Cacops ("ugly look" for its strange appearance), a genus of dissorophid temnospondyls, is one of the most distinctive Paleozoic amphibians that diversified in the equatorial region of Pangea during the Kungurian stage of the early Permian. Dissorophids were a group of fully terrestrial, often heavily armored faunivores. This, along with their relatively large size and geographical range suggest that they were able to coexist with amniotes as predators during the early Permian. Dissorophidae has four distinct clades differentiated largely on the morphology of the osteoderms, the Eucacopinae (previously Cacopinae), the Dissorophinae, the Aspidosaurinae, and the Platyhystricinae. Cacops is one of the few olsoniforms (dissorophids and the larger trematopids) whose ontogeny is beginning to surface. Cacops fossils were almost exclusively known from the Cacops Bone Bed of the Lower Permian Arroyo Formation of Texas for much of the 20th century. New material collected from the Dolese Brothers Quarry, near Richards Spur, Oklahoma in the past few decades has been recovered, painting a clearer picture of what the animal looked and acted like.
Temporal range: Early Permian, Kungurian
|Skeleton of Cacops aspidephorus in the Field Museum|
American paleontologist Samuel W. Williston used the details of the species Cacops aspidephorus to first describe its features. He noted: "The creature as mounted presents an almost absurd appearance, with its large head and pectoral region, absence of neck, and short tail" (pg. 279), reflected in the name Cacops (from Greek kakos "bad, ugly" and ops "face, look"). However, because of the poor preservation of specimens collected from the Cacops Bone Bed in Texas, other researchers who collected specimens from other localities have described many of Cacops’ features with more certainty. Features that distinguish Cacops from other dissorophids include a large dorsal process of the quadrate and a shortened posterior skull.
The skull is very box-like and its cheeks aligned almost at a right angle to the skull table. The external cranial ornamentation is noticeable on the skull table and on top of the ridges that border the numerous depressions. One significant ontogenetic change in Cacops is a more evenly distributed ornamentation in the adults. Like other dissorophids, the temporal region of Cacops’ skull was dominated by the tympanic embayment, which likely housed a large tympanum. Marginal teeth are recurved and thinner than in other temnospondyls. Cacops has fewer, but larger, teeth than in most other dissorophids. The palatal dentition consists of recurved tusks larger than the marginal teeth and minute, strongly recurved teeth that cover most of the palatal surface.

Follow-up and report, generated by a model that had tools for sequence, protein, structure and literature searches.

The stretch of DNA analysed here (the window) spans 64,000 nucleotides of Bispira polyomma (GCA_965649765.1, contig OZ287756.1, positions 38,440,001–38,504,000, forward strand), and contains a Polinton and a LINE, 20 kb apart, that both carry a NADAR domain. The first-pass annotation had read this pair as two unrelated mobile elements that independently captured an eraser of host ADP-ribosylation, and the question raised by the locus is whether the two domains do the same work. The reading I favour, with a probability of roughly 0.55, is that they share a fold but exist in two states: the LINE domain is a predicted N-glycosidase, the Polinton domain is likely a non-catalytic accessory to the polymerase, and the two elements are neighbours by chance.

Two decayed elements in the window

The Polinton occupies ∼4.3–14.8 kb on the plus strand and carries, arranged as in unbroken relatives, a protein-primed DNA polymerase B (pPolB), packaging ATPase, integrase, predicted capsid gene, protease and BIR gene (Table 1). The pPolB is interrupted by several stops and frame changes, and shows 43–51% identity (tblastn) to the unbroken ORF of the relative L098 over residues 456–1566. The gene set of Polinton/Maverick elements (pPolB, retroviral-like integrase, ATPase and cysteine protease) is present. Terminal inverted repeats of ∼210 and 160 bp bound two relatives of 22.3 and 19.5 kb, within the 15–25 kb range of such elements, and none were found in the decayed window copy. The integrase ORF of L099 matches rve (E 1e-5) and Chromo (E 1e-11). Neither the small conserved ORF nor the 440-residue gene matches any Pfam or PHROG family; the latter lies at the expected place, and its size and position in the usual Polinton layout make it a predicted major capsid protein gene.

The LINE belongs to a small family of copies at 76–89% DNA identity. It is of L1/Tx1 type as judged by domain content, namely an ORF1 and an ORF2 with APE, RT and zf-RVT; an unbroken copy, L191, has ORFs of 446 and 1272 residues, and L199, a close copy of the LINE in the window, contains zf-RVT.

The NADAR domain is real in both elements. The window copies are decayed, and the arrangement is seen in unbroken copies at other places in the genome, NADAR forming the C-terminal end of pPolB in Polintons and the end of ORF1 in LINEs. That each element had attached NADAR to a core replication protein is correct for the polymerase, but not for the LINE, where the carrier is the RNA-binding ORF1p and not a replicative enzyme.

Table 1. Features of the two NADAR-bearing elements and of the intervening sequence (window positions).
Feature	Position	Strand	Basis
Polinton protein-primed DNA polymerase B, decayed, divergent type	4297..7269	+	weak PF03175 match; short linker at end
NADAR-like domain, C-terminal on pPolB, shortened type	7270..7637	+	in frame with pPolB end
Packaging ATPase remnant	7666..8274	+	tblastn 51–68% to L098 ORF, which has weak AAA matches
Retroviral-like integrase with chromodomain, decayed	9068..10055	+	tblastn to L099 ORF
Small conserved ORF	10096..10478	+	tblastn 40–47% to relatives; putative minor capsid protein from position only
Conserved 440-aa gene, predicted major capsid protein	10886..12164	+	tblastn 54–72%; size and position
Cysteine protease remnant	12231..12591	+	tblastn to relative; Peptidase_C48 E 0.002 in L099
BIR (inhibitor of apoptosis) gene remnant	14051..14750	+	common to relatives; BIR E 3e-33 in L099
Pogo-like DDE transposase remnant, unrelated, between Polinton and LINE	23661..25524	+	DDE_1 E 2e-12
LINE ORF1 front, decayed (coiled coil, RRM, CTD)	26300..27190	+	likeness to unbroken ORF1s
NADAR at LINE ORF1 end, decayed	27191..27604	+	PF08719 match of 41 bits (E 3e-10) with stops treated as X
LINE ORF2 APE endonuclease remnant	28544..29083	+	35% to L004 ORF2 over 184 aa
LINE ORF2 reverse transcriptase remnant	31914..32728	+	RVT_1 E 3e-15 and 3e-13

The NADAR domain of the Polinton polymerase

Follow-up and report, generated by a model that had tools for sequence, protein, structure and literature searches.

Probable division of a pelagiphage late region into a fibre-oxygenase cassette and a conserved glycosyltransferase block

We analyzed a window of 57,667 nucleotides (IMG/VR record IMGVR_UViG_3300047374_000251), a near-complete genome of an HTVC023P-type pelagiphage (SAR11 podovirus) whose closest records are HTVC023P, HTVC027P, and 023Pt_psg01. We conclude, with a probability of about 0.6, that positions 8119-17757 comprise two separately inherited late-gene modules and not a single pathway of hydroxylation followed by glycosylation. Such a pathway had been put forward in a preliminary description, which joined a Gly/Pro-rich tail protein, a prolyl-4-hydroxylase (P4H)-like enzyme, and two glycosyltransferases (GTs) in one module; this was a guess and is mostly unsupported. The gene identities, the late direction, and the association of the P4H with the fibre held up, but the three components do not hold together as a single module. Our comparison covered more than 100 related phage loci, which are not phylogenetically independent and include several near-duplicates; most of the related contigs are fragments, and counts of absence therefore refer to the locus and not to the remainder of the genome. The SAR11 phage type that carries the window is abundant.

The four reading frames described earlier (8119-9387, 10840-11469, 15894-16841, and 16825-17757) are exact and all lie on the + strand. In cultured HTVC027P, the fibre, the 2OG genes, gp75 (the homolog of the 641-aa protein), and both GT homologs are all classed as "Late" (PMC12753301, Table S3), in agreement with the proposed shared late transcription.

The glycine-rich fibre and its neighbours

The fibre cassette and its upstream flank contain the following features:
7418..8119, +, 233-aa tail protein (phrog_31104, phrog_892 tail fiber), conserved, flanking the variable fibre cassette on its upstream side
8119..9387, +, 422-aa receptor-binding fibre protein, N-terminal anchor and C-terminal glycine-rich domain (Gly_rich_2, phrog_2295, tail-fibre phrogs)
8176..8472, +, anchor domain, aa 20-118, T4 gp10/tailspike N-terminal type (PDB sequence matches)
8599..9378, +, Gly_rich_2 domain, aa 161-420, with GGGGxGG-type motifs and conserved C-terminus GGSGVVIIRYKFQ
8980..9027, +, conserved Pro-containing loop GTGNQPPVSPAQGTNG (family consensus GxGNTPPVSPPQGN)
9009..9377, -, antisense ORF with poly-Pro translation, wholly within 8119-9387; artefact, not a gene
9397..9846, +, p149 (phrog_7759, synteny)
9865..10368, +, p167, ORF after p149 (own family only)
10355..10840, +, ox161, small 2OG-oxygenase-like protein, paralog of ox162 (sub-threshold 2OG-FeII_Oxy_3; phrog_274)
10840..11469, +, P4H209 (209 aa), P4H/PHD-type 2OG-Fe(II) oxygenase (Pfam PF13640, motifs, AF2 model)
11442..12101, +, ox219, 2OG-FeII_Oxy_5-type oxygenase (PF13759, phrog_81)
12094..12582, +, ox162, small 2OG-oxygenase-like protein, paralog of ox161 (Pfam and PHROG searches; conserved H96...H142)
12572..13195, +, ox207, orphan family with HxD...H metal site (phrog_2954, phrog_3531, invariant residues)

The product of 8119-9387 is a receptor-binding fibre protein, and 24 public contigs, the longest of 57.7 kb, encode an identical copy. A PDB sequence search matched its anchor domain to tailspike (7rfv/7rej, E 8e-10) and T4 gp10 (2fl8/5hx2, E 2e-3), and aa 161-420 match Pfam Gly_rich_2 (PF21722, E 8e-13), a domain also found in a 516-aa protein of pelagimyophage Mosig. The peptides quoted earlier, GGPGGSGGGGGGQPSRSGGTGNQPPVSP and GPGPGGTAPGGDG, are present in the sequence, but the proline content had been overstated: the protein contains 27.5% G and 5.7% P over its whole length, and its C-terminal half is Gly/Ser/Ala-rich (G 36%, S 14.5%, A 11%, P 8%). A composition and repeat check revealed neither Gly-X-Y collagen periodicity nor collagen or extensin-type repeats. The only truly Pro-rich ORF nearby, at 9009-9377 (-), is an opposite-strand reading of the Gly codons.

Cacops was a medium-sized dissorophid, being smaller than later dissorophids from Eurasia such as Kamacops. Like other dissorophids, Cacops had osteoderms associated with the vertebral column. Internal osteoderms are fused to the neural spines, while external osteoderms overlapped adjacent positions with a ventral flange that inserted between successive internal osteoderms. The osteoderms are associated with only the first 15 vertebrae, beginning at the axis. They are relatively narrow, especially posteriorly, and are subrectangular in dorsal profile, except for the first osteoderm which is more triangular. The osteoderms also have dermal pitting on their dorsal surfaces. The distributions of these pits are not random, but rather found along the raised edges of the midsagittal groove and often in the groove as well.
History of discoveryEdit
Cacops aspidephorus is the most famous dissorophid, in part due to a majority of its skeleton having been known for over a century. Over 50 specimens have been found in the Cacops Bone Bed in Baylor County, Texas, which is now flooded by the dammed Lake Kemp. However, many of the specimens are covered in calcite, which penetrates the bone tissue, resulting in poor preservation. "Trematopsis seltini" from the Vale Formation of Texas was originally described as a trematopid by Olson (1956) but was later synonymized with Cacops aspidephorus by Milner (1985).